Tuesday, March 19, 2019

A modest proposal to link private lives to public policy

How dependent we have all become on an implicit separation between the private “issues of our lives” and the public discourse of the body politic. This enmeshment, of course, blurs at best, and blinds at worst, our collective attempts to influence public policy.

Talking about recycling, even putting out those green and blue boxes, without investigating if and how their contents are being injected into processes that protect the planet and contribute to the over-all reduction in toxic emissions, is, like so many instances of the interface between private individuals and public policy. We all pay provincial and federal taxes, on goods and services, as well as on earned income and investment income, without really having a real/effective voice in how those monies are distributed, except through our five-minute marking of a ballot at election time.

Not only is there a significant time gap between our regular and conscientious discharge of our responsibility and our expression of how the municipality/province/nation should operate. There is also little effort or opportunity, except perhaps at water cooler confabs, to shape public policy. No, this is not an argument for peppering our emails with referenda! However, it seems that with the infusion of social media, and the millions (billions?) of dollars spent by aspiring politicians on advertising on Facebook, for example, and the increasing personalization of political discourse, we risk a prevalent and increasing perspective of reductionism of issues to their personality advocates. Twitter, unfortunately, is not readily amenable to the nuances of policy agendas, thought and ideology foundations, and the uber-complexity of schemes both honourable and less so to take political action by the elected representatives. With the news that some 30% of our news in garnered from Facebook and other social media, the established media and the reputable start-ups like Politico, Axios, Rabble, Huffpost, Buzzfeed, Yahoo are struggling to sustain audience concentration, and the advertising revenue that underpins them.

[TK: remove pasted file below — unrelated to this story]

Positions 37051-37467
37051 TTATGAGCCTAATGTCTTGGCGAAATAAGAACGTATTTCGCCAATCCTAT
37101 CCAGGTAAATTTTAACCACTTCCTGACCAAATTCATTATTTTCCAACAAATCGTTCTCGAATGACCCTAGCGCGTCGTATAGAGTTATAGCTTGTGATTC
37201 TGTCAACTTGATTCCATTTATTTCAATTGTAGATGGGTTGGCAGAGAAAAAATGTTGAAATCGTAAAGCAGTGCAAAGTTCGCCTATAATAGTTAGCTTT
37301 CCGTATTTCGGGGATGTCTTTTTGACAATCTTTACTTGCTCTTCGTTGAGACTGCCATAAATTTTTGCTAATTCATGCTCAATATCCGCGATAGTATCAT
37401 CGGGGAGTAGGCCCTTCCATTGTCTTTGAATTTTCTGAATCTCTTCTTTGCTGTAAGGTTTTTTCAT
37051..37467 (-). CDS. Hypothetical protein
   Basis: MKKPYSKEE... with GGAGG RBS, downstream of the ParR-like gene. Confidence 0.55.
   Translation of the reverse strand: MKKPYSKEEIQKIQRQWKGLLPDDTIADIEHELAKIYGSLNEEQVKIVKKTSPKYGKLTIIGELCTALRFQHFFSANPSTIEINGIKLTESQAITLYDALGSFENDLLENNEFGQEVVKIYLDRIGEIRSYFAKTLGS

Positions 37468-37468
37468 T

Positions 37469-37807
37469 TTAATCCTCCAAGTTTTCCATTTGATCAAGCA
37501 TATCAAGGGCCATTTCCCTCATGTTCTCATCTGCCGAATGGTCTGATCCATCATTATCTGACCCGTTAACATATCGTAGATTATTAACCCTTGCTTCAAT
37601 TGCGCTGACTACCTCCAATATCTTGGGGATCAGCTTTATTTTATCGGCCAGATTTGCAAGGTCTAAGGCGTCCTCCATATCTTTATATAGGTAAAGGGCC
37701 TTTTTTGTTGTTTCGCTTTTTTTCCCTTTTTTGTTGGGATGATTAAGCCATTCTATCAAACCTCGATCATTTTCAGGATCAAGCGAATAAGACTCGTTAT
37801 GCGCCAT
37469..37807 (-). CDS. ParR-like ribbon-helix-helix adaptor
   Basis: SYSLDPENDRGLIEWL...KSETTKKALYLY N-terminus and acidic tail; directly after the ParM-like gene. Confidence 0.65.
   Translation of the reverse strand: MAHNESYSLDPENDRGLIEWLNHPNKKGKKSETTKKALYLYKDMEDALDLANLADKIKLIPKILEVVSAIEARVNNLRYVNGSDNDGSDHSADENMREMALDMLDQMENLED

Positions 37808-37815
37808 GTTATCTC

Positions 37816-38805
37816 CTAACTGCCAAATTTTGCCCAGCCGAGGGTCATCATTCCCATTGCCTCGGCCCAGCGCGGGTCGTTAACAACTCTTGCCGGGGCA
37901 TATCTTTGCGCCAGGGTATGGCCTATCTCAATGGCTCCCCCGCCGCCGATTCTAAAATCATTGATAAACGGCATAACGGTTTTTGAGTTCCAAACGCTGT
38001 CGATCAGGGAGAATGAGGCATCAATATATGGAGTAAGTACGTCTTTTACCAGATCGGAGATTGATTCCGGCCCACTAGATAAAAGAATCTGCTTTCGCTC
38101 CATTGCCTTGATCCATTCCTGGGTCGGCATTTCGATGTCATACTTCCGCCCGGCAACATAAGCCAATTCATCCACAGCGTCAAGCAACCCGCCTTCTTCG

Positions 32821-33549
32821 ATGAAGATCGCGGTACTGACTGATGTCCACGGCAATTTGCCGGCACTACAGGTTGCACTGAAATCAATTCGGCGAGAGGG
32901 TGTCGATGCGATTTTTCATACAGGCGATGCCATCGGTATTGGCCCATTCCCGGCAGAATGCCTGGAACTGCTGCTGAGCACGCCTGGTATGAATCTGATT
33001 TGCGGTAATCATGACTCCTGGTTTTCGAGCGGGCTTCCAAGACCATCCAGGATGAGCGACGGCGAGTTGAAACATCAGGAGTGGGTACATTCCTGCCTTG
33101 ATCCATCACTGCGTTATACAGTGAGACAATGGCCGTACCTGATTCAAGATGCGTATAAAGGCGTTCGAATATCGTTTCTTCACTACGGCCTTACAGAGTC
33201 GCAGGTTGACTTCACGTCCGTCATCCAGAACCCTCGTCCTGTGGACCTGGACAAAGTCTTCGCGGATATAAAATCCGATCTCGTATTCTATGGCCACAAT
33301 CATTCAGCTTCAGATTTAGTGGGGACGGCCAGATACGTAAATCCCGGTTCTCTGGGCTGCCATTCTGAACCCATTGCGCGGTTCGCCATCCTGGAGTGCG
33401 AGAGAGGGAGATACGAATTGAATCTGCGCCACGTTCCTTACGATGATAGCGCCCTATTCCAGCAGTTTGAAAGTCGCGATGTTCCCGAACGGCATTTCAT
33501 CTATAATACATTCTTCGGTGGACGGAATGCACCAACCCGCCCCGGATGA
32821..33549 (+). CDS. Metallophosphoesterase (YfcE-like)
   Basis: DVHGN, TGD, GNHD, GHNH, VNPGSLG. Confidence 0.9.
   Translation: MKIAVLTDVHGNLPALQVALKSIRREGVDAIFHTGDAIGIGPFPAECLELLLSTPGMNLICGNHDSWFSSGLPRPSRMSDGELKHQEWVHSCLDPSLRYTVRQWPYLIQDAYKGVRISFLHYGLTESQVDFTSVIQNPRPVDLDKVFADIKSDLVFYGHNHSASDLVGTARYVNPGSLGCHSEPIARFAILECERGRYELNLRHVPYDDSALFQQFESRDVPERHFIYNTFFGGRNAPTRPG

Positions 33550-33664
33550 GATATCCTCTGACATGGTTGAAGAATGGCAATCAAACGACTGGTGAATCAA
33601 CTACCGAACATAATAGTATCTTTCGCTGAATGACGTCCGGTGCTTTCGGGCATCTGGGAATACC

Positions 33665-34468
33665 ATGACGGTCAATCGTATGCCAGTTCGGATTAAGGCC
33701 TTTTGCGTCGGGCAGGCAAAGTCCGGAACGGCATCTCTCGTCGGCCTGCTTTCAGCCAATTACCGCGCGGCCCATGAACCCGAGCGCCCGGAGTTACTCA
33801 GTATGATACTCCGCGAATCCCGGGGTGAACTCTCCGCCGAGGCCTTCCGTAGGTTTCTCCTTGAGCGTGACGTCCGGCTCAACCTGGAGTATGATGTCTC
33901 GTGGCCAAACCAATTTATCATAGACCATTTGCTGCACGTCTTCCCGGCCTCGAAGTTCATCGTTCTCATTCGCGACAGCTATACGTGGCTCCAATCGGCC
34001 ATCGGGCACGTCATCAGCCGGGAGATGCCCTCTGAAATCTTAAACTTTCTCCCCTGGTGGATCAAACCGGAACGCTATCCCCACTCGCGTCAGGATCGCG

A division, emblematic of the divide in income inequality, seems to be giving energy to a thought/idea/policy/class divide, based on the chosen menu of the individual, in western countries.

Our appetite for complexity, and for responsible and legitimate links between our individual lives and public policy decisions, seems fenced in by the multiple demands on our time, energy, concentration and attention. Glimpsing headlines, or catching a key phrase or word about a news story, or glancing at a photo of a political actor on a screen, or even reading a tweet….these hardly qualify as insight into any complex file. Plus, the sheer number of stimuli and their constant firing into our eyes/ears/minds tend to render many people either numb or detached.

And then, some trumpet blasts a crisis, or an injustice like a murder of an innocent, or the imprisoning of helpless children seeking refuge/asylum on the U.S.-Mexican border, or a new tax is applied to a gallon of gas….and again, our attention is arrested, and we silently repeat one of our personally preferred epithets, slogans, beliefs, attitudes about the person/incident/implications in our face. Most of us are proven to be accessing information sources that confirm and comply with our personal preferences, our leaning attitudes, our earliest beliefs, and our world views. Few of us, demonstrably, shift our views of either persons on the public stage or policy options that agree/disagree with our preconceptions.